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PTA Pulmonary

Pulmonary Anatomy and Physiology

QuestionAnswer
What is the thorax? Encloses and protects the heart, lungs, and other organs and provides attachment sites for ventilatory and other muscles. Bound posteriorly by 12 thoracic vertebrae, intervertebral disks, and ribs; anteriorly by the sternum, costal cartilages and ribs
Describe the sternum. Consists of manubrium, body, and xyphoid process
Describe the ribs. Most of the bony thorax is formed by the 12 pairs of ribs. 1-7 are true ribs that attach to sternum via costal cartilages; 8-10 are false ribs and attach to cartilage of rib above; ribs 11-12 are floating ribs
What are the principles muscles for inspiration? Diaphragm, external intercostals, and internal intercostals
What are the muscles of exhalation? Quiet breathing: passive recoil of lungs and rib cage Forceful breathing: rectus abdominis, external oblique, internal oblique, and transverse abdominis
What are the components of the upper respiratory tract? Nasal cavity, pharynx, and larynx; they serve as gas conduits, humidifiers, cool or warm inspired air, and filter foreign matter before it reaches the alveoli
What are the components of the lower respiratory tract? From the larynx to the alveoli; consists of the conducting airways and terminal respiratory units; trachea
What is the mediastinum? Separates the R and L lungs
How many lobes are in the right lung? 3; upper, middle and lower
How many lobes are in the left lung? 2; upper and lower
What are the bronchopulmonary segments? Topographic units; 10 in the right lung; 8 in the left
Describe the bronchus. R - main bronchus gives rise to superior, middle, and inferior lobar bronchi L - main bronchus gives rise to superior and inferior bronchi
Describe the alveolar-capillary units. Oxygen diffuses across alveolar-capillary septum where it binds with hemoglobin; carbon dioxide diffuses in the opposite direction
Describe the pleurae. Membranous serous sac covering each lung; it allows for smooth gliding of the tissue surfaces during lung expansion and deflation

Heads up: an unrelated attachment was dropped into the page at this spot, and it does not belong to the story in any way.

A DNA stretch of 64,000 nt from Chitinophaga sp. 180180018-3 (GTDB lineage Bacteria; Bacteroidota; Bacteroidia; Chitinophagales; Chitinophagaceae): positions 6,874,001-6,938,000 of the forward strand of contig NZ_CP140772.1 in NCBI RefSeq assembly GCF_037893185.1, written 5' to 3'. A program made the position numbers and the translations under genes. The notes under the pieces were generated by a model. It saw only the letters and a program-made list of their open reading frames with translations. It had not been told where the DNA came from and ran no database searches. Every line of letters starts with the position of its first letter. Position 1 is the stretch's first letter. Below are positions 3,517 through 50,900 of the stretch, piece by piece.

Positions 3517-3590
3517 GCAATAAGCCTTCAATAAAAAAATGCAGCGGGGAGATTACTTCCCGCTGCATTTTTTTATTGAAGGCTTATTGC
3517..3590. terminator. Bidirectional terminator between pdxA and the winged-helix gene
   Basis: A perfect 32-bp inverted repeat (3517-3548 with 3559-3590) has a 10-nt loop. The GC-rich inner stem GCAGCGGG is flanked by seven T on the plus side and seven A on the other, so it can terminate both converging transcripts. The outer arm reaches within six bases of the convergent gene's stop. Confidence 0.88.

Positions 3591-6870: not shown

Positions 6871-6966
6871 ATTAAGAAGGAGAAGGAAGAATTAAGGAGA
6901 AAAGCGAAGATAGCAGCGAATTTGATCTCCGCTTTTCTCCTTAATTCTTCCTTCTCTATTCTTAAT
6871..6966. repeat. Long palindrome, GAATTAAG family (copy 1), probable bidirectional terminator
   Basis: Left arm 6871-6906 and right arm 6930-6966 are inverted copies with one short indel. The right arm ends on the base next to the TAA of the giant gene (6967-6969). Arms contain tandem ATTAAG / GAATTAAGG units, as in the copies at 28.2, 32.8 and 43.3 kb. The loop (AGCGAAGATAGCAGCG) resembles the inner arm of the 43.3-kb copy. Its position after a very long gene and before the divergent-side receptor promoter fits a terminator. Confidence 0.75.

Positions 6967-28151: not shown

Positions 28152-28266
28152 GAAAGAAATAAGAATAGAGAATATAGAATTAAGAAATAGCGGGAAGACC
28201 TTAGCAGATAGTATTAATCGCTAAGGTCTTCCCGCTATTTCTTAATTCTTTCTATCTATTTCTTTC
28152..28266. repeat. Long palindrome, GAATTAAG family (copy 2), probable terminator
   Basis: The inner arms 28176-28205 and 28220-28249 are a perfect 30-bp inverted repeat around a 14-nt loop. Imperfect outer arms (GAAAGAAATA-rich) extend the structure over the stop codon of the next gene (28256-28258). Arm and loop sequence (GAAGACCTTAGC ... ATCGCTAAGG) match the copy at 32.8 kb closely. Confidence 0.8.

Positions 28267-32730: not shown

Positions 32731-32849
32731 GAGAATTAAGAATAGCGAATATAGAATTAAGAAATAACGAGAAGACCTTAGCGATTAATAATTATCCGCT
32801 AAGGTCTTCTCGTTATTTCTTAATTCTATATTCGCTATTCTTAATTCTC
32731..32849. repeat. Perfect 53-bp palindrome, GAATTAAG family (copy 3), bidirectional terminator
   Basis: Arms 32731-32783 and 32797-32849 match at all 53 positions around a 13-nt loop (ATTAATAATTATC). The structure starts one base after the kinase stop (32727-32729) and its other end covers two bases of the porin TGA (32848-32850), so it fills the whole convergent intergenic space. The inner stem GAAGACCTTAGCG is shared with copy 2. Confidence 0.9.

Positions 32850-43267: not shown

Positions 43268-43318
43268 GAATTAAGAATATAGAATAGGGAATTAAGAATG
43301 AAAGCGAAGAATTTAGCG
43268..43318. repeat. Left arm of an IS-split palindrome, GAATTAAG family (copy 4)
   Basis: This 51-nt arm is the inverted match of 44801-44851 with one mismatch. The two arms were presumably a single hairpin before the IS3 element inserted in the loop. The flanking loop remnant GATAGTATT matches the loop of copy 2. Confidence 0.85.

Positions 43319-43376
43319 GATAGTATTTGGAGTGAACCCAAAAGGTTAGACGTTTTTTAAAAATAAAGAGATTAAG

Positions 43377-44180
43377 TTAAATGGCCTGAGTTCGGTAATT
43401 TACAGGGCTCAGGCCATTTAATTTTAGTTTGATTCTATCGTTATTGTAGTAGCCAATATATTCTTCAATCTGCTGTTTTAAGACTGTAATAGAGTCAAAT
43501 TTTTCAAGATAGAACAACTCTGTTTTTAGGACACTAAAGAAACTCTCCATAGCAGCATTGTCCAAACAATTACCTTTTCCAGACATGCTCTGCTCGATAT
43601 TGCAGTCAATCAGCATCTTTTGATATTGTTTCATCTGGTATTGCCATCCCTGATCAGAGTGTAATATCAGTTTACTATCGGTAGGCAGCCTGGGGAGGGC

What is pneumothorax? air between/beneath the pleura
What is hemothorax? blood between/beneath the pleura
What is pulmonary circulation? Carries deoxygenated blood through pulmonary arteries to lungs and oxygenated blood through pulmonary veins back to the heart
What is bronchial circulation? Supplies oxygenated blood to the bronchi and connective tissue in lungs via bronchial arteries and drain directly into bronchial veins.
Describe breath control. Integrated activity of: central respiratory center in the brain stem, peripheral receptors in the in the lungs, airways, chest wall and blood vessels. Chemo and Mechano receptors in the chest wall stim respiratory mm's
Describe oxygen diffusion. Physically dissolves in blood plasma AND combines with hemoglobin.
Describe carbon dioxide diffusion. 5-10% Dissolves in blood; 5-10% is carbamino compounds; 80-90% transported as bicarbonate ions
What is anatomic dead space volume? The volume of air that occupies the non-respiratory conducting airways. (VD)
What is expiratory reserve volume? (ERV) The max volume of air that can be exhaled after a normal tidal exhalation. ~15% of total lung volume
What is forced vital capacity? (FVC) The volume of air expired during a forced max expiration after a forced max inspiration.
What is functional residual capacity? (FRC) The volume of air in the lungs after normal exhalation. FRC=ERV+RV; ~40% of total lung volume.
What is inspiratory capacity? (IC) The max volume of air that can be inspired after a normal exhalation; IC=TV+IRV; ~50% of total lung volume
What is minute volume ventilation? (VE) The volume of air expired in 1 minute. VE=TVx respiratory rate
What is peak expiratory flow? (PEF) The max flow of air during the beginning of a forced expiratory maneuver
What is Residual volume? (RV) The volume of gas remaining in the lungs at the end of max expiration; ~25% of total lung volume
What is tidal volume? (TV) Total volume inspired and expired with each breath during quiet breathing; ~10% of total lung volume
What is total lung capacity? (TLC) The volume of air in the lungs after max inspiration; the sum of all lung volumes; TLC=RV+VC OR TLC=FRC+IC
What is vital capacity? (VC) The volume change that occurs between max inspiration and max expiration; VC=TV+IRV+ERV; ~75% of total lung volume
Created by: ashleighobrien